"Right," said Selfridge with a roll of his eyes. "Come here." He strode into his office, picked up a shiny gray stone off of a hovertray, and thrust it in front of Grace Augustine. "This is why we're here," he said. "Unobtainium. Because this little gray rock sells for twenty million a kilo. That's the only reason."

"Why?" said Augustine.

Selfridge blinked. "What?"

"I said, why?" said Augustine. "What's so valuable about this precious mineral? What does it do? I'd never even heard of it before I showed up on this station, but everyone here seems to think it's God's gift to mankind."

Selfridge chuckled. "Well, I wouldn't say that," he said. "It's specie, that's all. You probably heard about how the Martian Free State delinked from the Galactic dollar a few years back, because Paul Ronne persuaded them that fiat currency was a dead-end proposition?"

Augustine frowned. "No."

"Oh," said Selfridge. "Well, anyway, they did. And they had to pick something to back their new currency with, so they picked unobtainium; there's a bunch of it on Phobos, apparently. So, if Earth wants to engage in trade with Mars – and she does, believe me – she has to have a pile of unobtainium of her own. Simple economics."

"Is that what it's for?" said one of the officers, glancing up with a look of puzzlement. "I thought it was an energy source of some kind. Cleaner than coal, but just as efficient – just what Earth's been needing for centuries."

"Wait a second," said a second officer. "Something's wrong here. It's the medicinal properties that are important about unobtainium, isn't it? There's something in it that the Sirian Confederation desperately needs to combat that plague that's ravaging their…"

"No, no, no," said someone else impatiently. "It's a cerebral enhancer. You just implant a fragment of it inside someone's skull, and within a month you've tripled his I.Q."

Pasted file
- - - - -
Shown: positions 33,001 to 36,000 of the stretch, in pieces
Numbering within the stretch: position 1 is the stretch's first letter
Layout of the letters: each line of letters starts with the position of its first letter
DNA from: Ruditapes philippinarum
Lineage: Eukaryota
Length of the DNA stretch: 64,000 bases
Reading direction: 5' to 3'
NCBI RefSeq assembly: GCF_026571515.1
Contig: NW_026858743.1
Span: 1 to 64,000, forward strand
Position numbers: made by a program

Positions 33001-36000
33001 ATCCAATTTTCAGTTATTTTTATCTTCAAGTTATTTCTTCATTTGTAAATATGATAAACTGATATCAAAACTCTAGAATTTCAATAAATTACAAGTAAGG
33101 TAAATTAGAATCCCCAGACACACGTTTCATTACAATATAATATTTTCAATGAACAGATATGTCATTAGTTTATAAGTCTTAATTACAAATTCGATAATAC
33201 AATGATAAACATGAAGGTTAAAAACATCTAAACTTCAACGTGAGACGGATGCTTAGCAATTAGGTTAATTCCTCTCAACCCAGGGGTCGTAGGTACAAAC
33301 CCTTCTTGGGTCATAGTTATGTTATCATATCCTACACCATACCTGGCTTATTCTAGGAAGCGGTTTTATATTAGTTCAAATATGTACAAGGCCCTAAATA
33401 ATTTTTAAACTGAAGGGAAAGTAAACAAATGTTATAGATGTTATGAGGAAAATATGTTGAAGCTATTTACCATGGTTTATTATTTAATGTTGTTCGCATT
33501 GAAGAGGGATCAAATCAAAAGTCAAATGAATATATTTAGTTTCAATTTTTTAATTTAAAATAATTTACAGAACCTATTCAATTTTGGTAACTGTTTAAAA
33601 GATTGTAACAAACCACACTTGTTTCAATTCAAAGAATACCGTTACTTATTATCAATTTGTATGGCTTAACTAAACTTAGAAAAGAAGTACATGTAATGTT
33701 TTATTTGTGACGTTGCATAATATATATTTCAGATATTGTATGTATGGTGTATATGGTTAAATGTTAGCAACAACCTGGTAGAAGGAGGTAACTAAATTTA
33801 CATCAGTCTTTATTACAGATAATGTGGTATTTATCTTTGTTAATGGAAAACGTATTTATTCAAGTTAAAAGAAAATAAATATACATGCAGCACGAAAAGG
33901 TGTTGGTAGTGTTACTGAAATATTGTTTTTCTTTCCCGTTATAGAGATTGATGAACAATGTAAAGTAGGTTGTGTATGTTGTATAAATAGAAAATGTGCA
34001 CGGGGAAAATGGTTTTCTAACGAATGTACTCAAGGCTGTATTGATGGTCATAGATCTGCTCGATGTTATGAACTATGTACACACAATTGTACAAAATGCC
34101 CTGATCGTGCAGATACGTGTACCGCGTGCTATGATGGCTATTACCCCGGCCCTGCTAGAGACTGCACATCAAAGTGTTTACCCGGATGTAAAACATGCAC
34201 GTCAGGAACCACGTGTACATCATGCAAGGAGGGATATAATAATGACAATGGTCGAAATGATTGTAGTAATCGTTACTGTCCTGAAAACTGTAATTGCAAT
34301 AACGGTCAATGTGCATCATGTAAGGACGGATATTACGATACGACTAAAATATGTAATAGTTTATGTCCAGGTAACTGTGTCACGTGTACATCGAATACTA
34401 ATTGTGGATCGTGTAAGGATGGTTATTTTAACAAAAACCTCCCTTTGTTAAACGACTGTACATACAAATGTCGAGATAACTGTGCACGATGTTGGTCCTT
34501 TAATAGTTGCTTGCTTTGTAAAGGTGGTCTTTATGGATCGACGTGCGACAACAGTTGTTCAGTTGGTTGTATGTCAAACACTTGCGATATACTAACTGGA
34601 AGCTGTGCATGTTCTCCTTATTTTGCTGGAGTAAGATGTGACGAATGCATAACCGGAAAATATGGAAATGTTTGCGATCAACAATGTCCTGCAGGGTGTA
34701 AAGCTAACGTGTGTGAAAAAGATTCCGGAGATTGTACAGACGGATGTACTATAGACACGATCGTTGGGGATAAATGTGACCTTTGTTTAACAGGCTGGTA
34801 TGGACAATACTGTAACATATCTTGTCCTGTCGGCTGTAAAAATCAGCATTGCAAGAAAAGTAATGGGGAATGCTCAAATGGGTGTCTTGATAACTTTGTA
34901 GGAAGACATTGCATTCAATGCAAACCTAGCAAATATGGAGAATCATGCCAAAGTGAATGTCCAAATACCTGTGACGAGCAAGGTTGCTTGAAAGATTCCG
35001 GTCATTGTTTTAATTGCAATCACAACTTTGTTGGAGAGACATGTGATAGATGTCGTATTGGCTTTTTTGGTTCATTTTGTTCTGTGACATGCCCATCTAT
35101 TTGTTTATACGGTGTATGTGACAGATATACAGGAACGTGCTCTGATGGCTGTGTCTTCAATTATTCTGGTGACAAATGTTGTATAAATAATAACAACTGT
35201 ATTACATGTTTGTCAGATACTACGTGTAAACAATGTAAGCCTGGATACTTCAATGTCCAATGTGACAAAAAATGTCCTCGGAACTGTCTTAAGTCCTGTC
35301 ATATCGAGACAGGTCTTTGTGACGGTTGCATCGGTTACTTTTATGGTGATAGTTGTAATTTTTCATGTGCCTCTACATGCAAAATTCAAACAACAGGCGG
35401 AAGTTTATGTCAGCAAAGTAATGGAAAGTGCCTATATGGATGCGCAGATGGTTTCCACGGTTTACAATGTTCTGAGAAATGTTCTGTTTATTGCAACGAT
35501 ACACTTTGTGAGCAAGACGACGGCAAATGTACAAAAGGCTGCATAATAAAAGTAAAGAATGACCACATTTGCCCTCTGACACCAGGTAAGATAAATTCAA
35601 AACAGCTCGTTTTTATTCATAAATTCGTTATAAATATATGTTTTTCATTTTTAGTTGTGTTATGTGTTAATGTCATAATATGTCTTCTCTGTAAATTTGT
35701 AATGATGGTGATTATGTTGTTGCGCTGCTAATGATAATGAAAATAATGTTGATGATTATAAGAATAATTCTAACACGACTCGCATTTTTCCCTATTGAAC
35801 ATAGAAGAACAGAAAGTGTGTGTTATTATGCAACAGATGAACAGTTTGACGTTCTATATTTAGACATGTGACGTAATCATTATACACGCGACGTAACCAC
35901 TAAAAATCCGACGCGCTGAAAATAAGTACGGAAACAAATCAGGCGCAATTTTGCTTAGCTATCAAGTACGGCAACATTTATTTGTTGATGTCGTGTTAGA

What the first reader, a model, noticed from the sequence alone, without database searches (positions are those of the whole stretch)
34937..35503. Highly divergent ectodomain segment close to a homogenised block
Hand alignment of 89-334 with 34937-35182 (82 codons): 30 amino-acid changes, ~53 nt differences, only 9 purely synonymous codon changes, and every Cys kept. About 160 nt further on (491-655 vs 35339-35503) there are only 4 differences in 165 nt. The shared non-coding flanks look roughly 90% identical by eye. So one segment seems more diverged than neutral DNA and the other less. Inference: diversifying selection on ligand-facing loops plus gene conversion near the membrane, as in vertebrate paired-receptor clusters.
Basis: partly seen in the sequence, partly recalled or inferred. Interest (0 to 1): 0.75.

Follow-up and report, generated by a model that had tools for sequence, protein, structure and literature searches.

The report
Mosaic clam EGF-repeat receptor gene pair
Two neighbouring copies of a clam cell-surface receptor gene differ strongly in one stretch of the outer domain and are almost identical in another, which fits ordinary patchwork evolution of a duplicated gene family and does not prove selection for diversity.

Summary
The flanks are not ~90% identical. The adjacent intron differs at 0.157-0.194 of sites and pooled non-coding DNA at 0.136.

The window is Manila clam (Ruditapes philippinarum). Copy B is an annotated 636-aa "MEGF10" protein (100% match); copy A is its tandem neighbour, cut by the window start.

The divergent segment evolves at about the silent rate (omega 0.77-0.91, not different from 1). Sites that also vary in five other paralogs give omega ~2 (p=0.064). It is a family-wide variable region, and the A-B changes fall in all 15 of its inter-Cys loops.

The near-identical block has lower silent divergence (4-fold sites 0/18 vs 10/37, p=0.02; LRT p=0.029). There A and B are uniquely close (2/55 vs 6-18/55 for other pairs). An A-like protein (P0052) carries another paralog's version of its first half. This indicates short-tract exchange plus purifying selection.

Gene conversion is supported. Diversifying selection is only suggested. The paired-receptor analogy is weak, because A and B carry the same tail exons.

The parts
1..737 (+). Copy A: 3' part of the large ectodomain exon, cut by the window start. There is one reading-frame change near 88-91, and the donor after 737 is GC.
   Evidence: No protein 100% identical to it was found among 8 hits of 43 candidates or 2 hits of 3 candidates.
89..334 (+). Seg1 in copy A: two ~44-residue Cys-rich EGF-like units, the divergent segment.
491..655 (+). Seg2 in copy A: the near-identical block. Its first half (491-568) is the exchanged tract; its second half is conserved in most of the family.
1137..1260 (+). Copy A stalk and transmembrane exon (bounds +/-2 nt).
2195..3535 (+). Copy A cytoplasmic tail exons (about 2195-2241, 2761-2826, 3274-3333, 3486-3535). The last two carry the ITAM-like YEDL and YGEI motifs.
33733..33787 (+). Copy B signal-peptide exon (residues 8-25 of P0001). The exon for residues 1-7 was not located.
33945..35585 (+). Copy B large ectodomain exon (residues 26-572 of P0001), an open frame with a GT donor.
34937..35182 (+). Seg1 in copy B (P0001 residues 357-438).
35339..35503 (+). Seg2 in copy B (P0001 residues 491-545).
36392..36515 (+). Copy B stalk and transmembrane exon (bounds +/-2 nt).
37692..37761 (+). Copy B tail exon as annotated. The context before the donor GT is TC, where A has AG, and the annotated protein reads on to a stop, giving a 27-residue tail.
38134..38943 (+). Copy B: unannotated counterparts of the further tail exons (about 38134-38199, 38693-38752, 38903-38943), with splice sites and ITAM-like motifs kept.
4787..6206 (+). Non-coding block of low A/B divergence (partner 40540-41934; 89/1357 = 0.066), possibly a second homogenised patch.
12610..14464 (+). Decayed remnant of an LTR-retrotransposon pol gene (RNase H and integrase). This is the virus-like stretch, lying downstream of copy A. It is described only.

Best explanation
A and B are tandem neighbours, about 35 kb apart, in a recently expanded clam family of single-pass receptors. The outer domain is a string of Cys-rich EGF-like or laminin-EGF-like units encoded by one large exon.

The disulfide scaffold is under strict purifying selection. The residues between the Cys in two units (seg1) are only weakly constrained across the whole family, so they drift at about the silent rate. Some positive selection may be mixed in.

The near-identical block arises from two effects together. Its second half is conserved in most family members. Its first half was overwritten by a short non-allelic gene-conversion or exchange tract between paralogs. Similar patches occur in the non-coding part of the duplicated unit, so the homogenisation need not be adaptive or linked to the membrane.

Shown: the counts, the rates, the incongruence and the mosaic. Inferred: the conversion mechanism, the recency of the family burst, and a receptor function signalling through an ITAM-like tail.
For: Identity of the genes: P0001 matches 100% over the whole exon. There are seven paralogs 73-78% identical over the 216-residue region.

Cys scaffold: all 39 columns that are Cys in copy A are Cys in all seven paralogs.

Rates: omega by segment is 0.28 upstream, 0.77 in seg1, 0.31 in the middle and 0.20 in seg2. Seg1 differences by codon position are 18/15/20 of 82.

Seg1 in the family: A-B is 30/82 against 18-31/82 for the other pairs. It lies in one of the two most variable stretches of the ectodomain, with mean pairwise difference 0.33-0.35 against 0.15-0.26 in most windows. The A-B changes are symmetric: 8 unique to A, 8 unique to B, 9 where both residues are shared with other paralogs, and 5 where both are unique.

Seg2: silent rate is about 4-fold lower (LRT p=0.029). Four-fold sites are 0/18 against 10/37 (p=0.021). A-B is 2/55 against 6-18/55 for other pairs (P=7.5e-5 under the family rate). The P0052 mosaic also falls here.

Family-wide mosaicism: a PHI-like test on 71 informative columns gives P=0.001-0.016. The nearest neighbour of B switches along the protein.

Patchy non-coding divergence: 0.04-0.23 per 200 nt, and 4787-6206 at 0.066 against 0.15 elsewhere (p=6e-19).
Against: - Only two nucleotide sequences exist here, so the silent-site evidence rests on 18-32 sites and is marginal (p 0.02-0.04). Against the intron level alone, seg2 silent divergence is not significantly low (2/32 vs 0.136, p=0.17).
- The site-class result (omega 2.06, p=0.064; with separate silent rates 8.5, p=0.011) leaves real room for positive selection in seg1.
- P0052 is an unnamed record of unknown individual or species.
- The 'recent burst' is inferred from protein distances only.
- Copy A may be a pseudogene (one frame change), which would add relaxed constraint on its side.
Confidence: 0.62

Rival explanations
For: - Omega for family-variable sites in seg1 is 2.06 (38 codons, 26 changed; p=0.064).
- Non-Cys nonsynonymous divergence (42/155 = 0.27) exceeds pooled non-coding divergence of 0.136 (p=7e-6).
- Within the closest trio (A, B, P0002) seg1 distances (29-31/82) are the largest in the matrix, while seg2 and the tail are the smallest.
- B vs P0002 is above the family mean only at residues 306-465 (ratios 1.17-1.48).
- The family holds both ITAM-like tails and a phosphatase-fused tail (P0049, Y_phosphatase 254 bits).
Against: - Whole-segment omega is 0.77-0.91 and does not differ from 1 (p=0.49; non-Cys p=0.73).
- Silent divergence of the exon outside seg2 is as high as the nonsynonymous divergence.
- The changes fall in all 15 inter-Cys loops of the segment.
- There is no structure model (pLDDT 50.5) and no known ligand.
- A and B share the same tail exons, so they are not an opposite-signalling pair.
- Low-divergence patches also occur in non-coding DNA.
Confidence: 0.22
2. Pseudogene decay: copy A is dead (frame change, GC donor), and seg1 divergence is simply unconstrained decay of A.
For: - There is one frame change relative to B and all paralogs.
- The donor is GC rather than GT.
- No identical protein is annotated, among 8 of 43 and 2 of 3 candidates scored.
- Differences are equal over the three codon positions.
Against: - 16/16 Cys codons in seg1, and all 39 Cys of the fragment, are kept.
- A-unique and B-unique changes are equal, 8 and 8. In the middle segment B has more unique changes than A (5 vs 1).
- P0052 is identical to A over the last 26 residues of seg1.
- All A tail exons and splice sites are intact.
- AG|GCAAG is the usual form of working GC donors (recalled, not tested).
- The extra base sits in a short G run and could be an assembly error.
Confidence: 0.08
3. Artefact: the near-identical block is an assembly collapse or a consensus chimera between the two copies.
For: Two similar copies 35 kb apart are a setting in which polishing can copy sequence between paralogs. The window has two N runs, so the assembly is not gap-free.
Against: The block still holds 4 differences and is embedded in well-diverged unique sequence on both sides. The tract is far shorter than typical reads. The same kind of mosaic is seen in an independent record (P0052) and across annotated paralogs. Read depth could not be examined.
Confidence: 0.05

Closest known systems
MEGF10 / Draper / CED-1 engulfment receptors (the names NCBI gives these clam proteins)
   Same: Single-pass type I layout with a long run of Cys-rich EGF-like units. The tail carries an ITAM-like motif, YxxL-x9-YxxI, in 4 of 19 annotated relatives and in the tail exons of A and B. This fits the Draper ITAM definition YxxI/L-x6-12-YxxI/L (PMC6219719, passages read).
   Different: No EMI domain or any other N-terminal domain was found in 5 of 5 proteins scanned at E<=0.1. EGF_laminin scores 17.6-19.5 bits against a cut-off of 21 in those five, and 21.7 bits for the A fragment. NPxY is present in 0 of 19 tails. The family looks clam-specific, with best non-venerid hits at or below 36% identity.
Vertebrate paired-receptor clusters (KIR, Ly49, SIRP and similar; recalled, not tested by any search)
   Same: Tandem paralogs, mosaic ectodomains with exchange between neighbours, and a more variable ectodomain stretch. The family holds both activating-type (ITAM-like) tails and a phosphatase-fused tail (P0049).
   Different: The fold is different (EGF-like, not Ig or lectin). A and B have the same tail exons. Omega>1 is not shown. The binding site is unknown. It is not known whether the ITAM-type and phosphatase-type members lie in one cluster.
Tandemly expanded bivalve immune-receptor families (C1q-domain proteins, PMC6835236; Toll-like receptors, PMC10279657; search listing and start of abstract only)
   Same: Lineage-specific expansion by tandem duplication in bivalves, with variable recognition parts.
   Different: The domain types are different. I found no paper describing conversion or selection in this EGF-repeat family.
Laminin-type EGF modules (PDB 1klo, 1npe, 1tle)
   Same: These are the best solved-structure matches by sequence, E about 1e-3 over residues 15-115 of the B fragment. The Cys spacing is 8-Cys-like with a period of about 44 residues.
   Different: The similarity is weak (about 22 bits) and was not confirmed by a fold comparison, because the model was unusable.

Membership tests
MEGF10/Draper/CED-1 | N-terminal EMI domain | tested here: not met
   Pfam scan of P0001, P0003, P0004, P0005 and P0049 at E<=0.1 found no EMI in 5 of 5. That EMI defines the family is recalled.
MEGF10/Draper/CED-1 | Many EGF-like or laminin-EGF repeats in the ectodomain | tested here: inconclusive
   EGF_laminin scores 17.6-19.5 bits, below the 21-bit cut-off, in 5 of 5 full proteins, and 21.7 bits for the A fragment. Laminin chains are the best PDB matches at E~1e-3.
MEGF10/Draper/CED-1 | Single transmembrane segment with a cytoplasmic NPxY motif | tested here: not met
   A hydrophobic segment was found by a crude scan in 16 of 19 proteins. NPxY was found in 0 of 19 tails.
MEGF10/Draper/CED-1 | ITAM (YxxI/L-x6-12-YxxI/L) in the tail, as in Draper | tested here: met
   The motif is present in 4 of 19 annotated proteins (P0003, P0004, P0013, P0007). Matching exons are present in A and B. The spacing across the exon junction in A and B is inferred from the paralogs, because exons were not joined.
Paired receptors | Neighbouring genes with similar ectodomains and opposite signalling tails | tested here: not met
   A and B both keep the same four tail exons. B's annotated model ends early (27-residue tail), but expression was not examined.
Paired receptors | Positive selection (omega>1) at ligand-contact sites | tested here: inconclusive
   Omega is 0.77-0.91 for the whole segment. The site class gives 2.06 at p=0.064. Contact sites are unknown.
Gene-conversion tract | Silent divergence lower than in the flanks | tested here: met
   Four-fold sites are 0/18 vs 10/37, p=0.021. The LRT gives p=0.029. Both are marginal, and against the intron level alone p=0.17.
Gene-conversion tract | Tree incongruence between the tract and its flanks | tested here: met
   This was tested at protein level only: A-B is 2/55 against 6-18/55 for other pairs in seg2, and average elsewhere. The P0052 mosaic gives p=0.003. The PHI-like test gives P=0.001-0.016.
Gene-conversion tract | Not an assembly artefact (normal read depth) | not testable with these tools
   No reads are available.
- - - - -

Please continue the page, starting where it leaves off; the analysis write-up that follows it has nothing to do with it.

It got hard to hear in the monitor room for a few minutes after that. Everyone within earshot chimed in on what they'd been told that unobtainium did, and, so far as the accounts could be made out, no two of them seemed to agree.

In the midst of the din, Augustine gave Selfridge a long, scathing look, then snatched the stone out of his hand and strode from the room. She was back in fifteen minutes, a satisfied smirk on her face. "Tell me something, Selfridge," she said. "Did you ever read a 20th-Century novel called The Restaurant at the End of the Universe?"

Selfridge shook his head.

"Didn't think so," said Augustine. "Well, there's this part in it where the heroes find themselves on a giant spaceship called a 'B Ark' containing all the most useless people on a planet. Apparently they'd been told that they needed to go colonize a new planet because their old one was doomed – but actually the planet was doing fine, and the real point of the scheme was just to get rid of all the deadweight in their population." She raised an eyebrow. "Sound familiar?"

There was a deadly silence, as everyone in the room remembered the overcrowded Earth they'd come from. It took Selfridge a few seconds to work up the nerve to clear his throat and say, "So what are you saying?"

"I'm saying," said Augustine, "that I just ran your precious Martian specie through a mass spectrometer, and it's nothing but galena. Cubic lead sulfide, Selfridge; there's tons of it already on Earth, there's nothing clean or energic about it, and no-one in his right might would implant it in his head or use it as medicine. Which means that your little project – your entire company – has been a complete charade from beginning to end, and the only people who are doing anything important on this moon are me and my associates. So," she concluded, tossing the stone back to Selfridge (who dropped it with a clatter onto the floor), "in the future, if you have any complaints about the way I'm running things, go outside and find some titanotheres to tell them to. My calendar's booked."

And she turned and strode out again, wearing the smile of the newly liberated, and leaving a roomful of speechless military-industrialists behind.

It was fully three minutes before anyone got up the nerve to murmur, "So, who gets to tell Quaritch?"

Disclaimer: Vishnu possessed ten avatars, James Cameron possesses one Avatar, and I possess no Avatars. This is known as inequality of wealth distribution. The best you can do is learn to live with it.

Image disclaimer and elucidation: This story's cover image was made (from stills from Avatar - see above - and CNN News, which I also don't own) on 30 August 2020. At the time, CNN was being satirized from coast to coast for describing the riots that were visibly burning a city down behind their correspondent as "mostly peaceful protests", so I couldn't resist gracing this story with a similar parody reading, "Mostly Harmless Planet Invades Pandora." (Unfortunately, the site's automatic image truncation only left part of the banner visible, which is why I'm having to explain the joke here. It's still worth it, though.)